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ME patient found dead of heart failure and malnutrition

Discussion in 'General ME/CFS News' started by Countrygirl, Sep 19, 2013.

  1. seansee

    seansee

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    wow really?
     
  2. peggy-sue

    peggy-sue

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    You would die from malnutrition on a diet consisting of nothing but squirrel meat.
    (strange factoid)
     
  3. alex3619

    alex3619 Senior Member

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    I wonder if that would be true of raw squirrel meat. Cooking it would lead to vitamin C loss, and hence scurvy if that is all you ate. Raw meat on the other hand contains just about everything you need ... but also often parasites etc. Catch 22. What is missing from meat is fibre and a wide range of secondary nutrients especially a range of antioxidants.
     
    merylg likes this.
  4. PennyIA

    PennyIA Senior Member

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    Just have to chime in. In the USA, with insurance. I complained of severe diahrrea for over five years - 9 out of 10 days. They did two stool samples, didn't find anything and stated - that if I started to see blood in the stool, I should come in. That's it. Nothing else. I wasn't losing weight, but you can't pass a gallon of liquid out of your bowels almost daily and NOT have concerns about nutrition. But, the doctor's did the basic tests and asked me to come back in three months.
     
  5. alex3619

    alex3619 Senior Member

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    Constant diarrhea can lead to mineral depletion. Someone with this problem needs electrolyte support at the very least.

    The irony is if you had third world medical care, such as the remote states of India, you would have received electrolyte replacement as a standard treatment. Somehow some modern doctors have lost touch with basic issues, possibly because these problems are rare in first world countries.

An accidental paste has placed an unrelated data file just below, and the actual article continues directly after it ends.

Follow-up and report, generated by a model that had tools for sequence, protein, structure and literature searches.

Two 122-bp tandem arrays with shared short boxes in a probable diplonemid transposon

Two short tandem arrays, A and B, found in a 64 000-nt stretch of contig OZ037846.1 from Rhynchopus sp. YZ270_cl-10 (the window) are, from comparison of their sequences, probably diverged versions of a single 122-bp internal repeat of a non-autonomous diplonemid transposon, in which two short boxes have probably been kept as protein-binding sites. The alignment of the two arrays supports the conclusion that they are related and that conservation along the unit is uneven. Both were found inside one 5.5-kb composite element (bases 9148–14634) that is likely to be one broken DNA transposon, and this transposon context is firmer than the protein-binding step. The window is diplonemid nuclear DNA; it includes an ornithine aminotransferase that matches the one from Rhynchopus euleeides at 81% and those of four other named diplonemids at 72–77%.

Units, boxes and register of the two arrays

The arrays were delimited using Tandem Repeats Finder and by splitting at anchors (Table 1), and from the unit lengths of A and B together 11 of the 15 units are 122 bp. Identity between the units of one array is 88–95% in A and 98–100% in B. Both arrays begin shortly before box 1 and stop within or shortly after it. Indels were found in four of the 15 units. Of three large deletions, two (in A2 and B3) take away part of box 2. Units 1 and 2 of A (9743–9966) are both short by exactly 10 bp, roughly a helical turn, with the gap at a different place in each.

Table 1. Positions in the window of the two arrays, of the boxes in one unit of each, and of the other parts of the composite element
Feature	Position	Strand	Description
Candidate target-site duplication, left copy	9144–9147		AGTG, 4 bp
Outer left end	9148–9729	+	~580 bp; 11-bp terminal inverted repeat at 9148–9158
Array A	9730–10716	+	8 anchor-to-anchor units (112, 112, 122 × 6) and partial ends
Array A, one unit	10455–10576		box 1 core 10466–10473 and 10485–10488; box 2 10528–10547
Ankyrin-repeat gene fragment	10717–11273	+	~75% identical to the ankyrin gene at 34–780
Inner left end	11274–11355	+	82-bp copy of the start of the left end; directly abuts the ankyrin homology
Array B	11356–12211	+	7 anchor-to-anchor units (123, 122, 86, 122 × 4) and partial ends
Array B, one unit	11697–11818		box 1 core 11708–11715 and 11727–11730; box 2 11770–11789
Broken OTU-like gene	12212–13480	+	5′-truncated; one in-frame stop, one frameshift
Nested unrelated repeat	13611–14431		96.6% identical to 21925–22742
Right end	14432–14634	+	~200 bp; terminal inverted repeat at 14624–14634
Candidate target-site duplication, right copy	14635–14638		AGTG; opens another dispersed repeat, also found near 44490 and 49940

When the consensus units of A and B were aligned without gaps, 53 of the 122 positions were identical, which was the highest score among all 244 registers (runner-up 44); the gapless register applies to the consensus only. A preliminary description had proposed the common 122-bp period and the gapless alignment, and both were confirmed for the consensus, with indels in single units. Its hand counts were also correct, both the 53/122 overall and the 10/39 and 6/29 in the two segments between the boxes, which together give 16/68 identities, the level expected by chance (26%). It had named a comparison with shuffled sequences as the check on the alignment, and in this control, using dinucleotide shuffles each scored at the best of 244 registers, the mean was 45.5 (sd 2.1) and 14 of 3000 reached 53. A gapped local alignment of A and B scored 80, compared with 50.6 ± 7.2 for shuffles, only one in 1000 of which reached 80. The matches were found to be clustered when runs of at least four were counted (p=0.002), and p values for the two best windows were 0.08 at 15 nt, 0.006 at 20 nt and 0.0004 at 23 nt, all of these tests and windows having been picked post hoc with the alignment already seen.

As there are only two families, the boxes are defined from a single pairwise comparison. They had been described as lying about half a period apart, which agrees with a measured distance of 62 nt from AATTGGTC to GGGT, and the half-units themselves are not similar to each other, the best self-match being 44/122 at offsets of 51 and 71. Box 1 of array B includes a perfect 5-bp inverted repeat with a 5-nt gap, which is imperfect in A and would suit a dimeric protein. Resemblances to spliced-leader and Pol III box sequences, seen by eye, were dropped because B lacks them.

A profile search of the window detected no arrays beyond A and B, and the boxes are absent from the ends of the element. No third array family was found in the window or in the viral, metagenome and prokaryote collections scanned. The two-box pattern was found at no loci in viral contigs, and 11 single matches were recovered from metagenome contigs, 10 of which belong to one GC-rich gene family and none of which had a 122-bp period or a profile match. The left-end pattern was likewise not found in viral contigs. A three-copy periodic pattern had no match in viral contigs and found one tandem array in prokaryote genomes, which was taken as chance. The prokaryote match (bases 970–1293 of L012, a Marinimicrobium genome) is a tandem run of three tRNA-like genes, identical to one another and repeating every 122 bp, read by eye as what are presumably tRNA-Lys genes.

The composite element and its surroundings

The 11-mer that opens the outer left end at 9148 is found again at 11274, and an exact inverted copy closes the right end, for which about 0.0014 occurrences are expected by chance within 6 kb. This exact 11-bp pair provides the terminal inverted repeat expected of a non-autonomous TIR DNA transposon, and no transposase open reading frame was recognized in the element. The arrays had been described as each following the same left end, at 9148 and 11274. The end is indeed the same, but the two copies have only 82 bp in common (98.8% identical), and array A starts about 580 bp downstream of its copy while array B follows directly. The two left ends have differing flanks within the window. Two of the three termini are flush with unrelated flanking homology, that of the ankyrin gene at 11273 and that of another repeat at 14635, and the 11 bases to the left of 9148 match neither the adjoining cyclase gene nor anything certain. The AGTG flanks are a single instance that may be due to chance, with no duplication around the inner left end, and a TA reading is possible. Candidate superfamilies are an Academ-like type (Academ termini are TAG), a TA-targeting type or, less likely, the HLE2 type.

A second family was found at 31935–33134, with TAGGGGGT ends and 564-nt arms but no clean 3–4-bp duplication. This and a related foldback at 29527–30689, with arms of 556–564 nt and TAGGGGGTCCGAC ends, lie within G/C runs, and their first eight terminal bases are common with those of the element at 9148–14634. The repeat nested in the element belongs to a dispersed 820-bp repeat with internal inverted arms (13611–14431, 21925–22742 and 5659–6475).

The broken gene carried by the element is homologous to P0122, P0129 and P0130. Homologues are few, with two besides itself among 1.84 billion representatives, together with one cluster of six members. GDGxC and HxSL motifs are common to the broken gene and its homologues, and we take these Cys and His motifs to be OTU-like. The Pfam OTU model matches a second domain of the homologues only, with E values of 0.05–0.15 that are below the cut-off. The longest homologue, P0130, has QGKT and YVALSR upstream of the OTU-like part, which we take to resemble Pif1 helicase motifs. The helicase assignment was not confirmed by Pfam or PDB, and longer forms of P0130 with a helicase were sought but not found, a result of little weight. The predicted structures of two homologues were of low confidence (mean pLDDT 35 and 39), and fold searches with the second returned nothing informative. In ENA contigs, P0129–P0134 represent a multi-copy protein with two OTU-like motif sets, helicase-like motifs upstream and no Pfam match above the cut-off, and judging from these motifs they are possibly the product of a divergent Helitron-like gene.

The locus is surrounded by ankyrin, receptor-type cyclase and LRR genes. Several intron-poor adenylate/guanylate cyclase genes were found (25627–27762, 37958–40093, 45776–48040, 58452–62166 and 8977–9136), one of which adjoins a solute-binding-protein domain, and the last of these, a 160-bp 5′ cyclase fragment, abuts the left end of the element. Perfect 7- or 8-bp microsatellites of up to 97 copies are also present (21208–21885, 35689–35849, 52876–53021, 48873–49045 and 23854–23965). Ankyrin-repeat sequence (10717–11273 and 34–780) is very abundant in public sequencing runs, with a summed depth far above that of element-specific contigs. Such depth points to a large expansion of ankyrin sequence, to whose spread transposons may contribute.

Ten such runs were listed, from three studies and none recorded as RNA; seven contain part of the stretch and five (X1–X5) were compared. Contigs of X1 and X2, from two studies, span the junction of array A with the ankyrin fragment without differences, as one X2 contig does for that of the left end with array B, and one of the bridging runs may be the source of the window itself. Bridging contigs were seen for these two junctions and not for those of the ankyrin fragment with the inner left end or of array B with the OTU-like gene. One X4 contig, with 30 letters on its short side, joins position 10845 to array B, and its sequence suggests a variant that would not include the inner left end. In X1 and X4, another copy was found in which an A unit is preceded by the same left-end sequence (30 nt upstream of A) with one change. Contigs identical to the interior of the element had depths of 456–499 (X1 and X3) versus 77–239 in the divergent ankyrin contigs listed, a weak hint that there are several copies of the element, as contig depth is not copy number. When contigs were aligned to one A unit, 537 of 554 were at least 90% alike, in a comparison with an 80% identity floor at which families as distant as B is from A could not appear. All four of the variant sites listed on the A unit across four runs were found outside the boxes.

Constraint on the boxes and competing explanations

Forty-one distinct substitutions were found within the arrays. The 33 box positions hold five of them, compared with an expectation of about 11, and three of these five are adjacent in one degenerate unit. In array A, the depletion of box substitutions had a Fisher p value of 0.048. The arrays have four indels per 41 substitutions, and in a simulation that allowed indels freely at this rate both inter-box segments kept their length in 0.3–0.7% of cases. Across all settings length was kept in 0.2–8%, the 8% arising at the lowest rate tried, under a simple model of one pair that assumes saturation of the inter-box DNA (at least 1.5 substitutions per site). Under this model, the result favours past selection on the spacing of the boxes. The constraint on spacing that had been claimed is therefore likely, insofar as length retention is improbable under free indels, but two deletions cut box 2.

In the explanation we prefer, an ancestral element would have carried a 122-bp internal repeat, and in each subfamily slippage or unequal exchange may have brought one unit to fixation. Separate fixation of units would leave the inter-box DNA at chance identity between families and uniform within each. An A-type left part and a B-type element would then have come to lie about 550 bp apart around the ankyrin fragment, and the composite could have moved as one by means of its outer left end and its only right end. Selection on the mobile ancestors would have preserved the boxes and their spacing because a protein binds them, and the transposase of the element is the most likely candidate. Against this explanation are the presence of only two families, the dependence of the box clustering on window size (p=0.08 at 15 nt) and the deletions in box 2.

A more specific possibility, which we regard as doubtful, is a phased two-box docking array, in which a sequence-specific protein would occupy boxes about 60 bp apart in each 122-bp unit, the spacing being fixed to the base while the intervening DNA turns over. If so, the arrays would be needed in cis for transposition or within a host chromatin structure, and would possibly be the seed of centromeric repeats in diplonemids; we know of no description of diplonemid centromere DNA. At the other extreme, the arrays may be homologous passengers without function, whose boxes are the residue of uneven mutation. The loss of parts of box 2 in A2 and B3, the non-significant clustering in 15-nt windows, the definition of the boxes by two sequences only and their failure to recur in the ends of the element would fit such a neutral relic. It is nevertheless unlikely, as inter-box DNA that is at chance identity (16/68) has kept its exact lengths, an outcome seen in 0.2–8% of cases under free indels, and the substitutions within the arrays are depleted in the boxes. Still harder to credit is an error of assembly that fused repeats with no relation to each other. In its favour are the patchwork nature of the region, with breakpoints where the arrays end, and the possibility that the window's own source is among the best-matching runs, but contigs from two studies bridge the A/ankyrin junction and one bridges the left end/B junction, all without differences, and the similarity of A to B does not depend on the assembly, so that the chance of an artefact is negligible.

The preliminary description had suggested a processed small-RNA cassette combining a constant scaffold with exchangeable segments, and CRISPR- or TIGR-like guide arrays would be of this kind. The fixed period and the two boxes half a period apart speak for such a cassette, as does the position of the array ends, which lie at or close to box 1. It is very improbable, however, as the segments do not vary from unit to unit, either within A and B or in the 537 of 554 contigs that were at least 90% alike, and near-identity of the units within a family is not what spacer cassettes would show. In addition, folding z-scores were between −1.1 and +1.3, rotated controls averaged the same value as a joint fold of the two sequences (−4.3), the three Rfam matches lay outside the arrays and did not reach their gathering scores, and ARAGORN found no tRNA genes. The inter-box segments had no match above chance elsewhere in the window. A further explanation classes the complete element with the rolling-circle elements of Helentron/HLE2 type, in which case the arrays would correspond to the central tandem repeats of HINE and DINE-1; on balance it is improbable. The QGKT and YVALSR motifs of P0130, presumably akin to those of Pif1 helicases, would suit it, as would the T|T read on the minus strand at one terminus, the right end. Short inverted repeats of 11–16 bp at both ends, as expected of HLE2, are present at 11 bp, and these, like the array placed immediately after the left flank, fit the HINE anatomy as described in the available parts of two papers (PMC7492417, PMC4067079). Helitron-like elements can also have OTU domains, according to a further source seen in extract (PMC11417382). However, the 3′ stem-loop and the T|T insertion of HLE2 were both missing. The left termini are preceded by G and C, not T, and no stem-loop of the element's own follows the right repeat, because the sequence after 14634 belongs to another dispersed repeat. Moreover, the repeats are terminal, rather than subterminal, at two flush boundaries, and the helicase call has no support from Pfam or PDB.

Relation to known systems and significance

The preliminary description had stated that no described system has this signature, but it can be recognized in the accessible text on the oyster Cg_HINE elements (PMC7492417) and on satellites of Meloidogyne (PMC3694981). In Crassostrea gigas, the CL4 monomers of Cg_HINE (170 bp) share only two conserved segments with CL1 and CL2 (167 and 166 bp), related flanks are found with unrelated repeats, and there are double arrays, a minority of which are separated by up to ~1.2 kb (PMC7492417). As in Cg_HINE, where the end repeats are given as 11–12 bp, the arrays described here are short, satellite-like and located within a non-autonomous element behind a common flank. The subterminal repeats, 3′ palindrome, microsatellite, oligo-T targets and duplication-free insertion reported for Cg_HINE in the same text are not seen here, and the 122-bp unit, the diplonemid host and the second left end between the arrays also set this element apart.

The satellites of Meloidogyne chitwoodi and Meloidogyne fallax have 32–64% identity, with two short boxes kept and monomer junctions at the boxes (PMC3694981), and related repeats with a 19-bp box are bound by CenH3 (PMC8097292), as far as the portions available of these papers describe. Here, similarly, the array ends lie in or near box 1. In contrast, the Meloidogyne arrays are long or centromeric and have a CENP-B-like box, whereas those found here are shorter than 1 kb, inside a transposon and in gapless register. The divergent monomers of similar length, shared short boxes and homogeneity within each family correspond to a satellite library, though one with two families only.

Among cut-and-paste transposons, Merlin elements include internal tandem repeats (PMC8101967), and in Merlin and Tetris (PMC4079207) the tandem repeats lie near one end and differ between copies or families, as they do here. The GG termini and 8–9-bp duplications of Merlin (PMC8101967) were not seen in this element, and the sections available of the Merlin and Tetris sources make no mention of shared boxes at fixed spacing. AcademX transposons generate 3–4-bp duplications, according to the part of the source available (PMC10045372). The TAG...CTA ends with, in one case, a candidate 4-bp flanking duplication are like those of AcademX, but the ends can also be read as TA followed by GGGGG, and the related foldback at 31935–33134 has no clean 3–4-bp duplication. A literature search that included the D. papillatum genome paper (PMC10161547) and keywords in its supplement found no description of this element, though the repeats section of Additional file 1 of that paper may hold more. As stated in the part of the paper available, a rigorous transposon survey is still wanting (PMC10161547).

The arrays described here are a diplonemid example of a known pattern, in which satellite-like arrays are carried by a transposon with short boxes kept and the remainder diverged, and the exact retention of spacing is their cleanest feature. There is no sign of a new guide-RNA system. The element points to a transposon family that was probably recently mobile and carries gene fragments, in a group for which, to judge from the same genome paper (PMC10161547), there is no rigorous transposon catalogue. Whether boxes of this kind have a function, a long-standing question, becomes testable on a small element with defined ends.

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  6. peggy-sue

    peggy-sue

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    I'm not sure about raw squirrel, Alex. I do believe that for some reason, it is about the least nutritious meat there is, perhaps it is a lack of vit C? That is ringing bells in the recesses of the gloop that is masquerading as my brain...
    Sorry for going off-topic again.
     
  7. ukxmrv

    ukxmrv Senior Member

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    I'm wondering what the autopsy doctor would have seen that indicates malnutrition. Was Paul Hancock emaciated or was there organ damage or something that would indicate malnutrition? Guess we will never know unless the report is made public or further investigations are made into his death.
     
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  8. u&iraok

    u&iraok Senior Member

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    How true! And now we're dealing with overweight people being malnourished and they still don't get it because they think malnourishment only happens in third world countries. Somehow soil depletion, fruits and vegetables being hybridized to look good and grow quickly so that nutrient content is not important and at low levels, feeding animals crazy things so that the nutrient content of meat is messed up, toxins--chemicals--heavy metals throwing off delicate systems in the body, digestion being less than optimal so that nutrients aren't absorbed, water not being the way it should be, too much sugar and hybridized overprocessed wheat flour and having to eat fast food like McDonalds because it's cheaper than good food, can't possiblly equal malnutrition or health problems!